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Guard me,

Take not away the taper, leave it burning :
And if thou canst awake by four o'th' clock,
I pr’ythee, call me. Sleep hath seiz'd me wholly.

[Exit Lady. To your protection I commend me, Gods; From fairies, and the tempters of the night,



[Iachimo rises from the trunk. lach. The crickets sing, and man's o’erlabour'd sense Repairs itself by reit: our Tarquin thus Did softly press the rushes, ere he wakend The chality he wounded. Cytherea, How bravely thou becom'st thy bed! Fresh lily, And whiter than the sheets! that I might touch! But kiss, one kiss-Rubies unparagon'd, How. dearly they do't ! -'Tis her breathing, that Perfumes the chamber thus : the flame o' the taper Bows toward her, and would under-peep her lids, 'To see the inclosed light, now canopy'd Under these windows: white and azure, lac'd With blue of heaven's own tinct. But my design's To note the chamber-I will write all down, Such, and fuch, pictures--there, the window-fuch The adornment of her bed-the arras, figuresWhy, such and such-and the contents o' the story~ Ah, but some natural notes about her body, Above ten thousand meaner moveables, Would testify, to enrich my inventory. O Sleep, thou ape of Death, lie dull


her! And be her sense but as a monument, Thus in a chapel lying !- Come off, come off. -

[Taking off her bracelet. As flippery as the Gordian knot was hard. 'Tis mine; and this will witness outwardly, As strongly as the conscience does within, To the madding of her Lord. On her left breast A mole cinque-spotted, like the crimson drops I'the bottom of a cowslip. Here's a voucher, Stronger than ever law could make: this secret Will force him think I've pick'd the lock, and ta'en The treasure of her honour. No more-to what end?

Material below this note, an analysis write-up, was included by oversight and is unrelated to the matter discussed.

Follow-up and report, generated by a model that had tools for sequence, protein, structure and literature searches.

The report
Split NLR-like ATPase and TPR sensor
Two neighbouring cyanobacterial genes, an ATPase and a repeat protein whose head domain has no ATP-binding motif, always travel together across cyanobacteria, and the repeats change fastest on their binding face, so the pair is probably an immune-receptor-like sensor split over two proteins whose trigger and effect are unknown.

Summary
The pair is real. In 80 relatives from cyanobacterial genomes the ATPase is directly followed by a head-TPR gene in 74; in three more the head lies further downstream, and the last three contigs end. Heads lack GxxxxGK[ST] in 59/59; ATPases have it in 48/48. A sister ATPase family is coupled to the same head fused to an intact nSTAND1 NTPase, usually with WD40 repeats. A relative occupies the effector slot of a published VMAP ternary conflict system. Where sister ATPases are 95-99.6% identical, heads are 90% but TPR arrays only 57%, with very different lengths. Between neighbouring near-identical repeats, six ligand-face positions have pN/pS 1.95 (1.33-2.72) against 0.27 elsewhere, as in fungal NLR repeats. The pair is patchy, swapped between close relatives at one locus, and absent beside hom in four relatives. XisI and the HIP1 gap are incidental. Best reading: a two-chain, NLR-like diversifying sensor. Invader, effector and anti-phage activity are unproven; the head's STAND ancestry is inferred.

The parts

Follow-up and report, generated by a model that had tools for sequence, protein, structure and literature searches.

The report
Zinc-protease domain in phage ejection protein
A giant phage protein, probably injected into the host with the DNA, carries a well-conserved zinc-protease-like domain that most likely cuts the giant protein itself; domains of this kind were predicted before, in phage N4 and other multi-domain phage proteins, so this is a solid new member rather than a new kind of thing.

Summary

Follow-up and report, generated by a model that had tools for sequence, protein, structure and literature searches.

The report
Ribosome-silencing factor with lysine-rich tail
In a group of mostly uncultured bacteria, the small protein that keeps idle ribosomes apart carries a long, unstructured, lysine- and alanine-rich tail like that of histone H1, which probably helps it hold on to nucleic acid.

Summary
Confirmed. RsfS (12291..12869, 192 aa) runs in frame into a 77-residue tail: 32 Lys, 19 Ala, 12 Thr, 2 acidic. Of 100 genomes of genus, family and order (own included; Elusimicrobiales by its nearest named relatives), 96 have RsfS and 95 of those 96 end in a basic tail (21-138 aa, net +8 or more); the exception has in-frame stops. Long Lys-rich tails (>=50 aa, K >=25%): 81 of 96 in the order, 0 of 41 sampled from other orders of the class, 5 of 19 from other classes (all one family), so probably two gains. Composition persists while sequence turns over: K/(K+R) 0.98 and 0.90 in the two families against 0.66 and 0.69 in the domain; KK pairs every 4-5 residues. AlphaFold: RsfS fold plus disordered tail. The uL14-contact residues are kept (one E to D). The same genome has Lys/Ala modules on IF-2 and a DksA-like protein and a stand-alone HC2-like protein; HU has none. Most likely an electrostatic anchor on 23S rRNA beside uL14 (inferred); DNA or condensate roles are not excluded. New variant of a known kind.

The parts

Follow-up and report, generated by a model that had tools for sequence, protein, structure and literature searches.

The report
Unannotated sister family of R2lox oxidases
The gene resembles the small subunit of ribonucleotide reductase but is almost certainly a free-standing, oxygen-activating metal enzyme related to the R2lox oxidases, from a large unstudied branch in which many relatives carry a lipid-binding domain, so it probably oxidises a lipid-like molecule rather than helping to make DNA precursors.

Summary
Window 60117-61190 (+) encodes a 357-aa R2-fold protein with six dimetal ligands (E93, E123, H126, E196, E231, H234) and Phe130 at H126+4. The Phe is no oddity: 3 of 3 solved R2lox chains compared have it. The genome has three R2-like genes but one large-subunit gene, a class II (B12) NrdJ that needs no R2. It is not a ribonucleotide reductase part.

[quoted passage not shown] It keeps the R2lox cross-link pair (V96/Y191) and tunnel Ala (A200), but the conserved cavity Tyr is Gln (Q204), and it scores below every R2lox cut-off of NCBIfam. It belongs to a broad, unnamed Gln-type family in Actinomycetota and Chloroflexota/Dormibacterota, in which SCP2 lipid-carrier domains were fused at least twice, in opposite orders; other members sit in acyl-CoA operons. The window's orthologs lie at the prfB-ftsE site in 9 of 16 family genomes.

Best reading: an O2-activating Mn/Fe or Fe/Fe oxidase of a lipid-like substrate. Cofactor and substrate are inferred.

Why should I write this down, that's rivetted,
Screw'd to my memory? She hath been reading, late,
The tale of Cereus ; here the leaf's turn'd down,
Where Philomel gave up---I have enough :-
To the trunk again, and shut the fpring of it.
Swift, swift, you dragons of the night! that dawning
May bare its raven eye: I lodge in fear ;
Though this a heavenly angel, hell is here. [Clock frikesi
One, two, three : Time, time!

[Goes into the trunk ; the Scene closes


Act III. Scene. III. A Forest with a Cave, ir

Enter Bellarius, Guiderius,, and Arviragus.

A Goodly day! nok to keep house, with such
Whose roof's as low as ours. See, boys! this gate


how to adore the heavens; and bows you:
To morning's holy office. Gates of monarchs
Are arch'd to high, that giants may jet through,
And keep their impious turbants on, without
Good-morrow to the Sun. Hail, thou fair heaven!:
We house i' the-rock, yet use thee not fo hardly
As prouder livers do,

Guid. Hail, heaven!
Aru. Hail, heaven!

Bel. Now for our mountain sport. · Up to yond hill;
Your legs are young: I'll tread these flats. Consider,
When you, above, perceive me like a crow,
That it is place which lessens and sets off.
And you may then revolve what tales I told you,.
Of Courts, of Princes, of the tricks in war.
This service is not service, so being done,
But being so allow'd. To apprehend thus,
Draws us a profit from all things we fee :


And often, to our comfort, shall we find
The Tharded beetle in a safer hold
Than is the full-wing'd eagle. O, this life
- Is nobler than attending for a check,
Richer, than doing nothing for a bąuble ;
Prouder, than rustling in unpaid-for filk :
Such gain the cap of him that makes them fine,
Yet keeps his book uncross’d. No life to ours.

Guid. Out of your proof you speak. We, poor, unfledgid,
Have never wing'd from view o' the nest; nor know not
What air's from home. Haply, this life is best,
If quiet life is best : sweeter to you,

That have a sharper known; well corresponding | Wich your Aiff


but unto us, it is
A cell of ignorance ; travelling a-bed ;
A prison, for a debtor that not dares
To ftride a limit.

Arv. What should we speak of,
When we are old as you when we shall hear
The rain and wind beat dark December? How,
In this our pinching cave, shall we discourse
The freezing hours away? We have seen nothing;
We're beastly; fubtle as the fox for prey,
Like warlike as the wolf, for what we eat: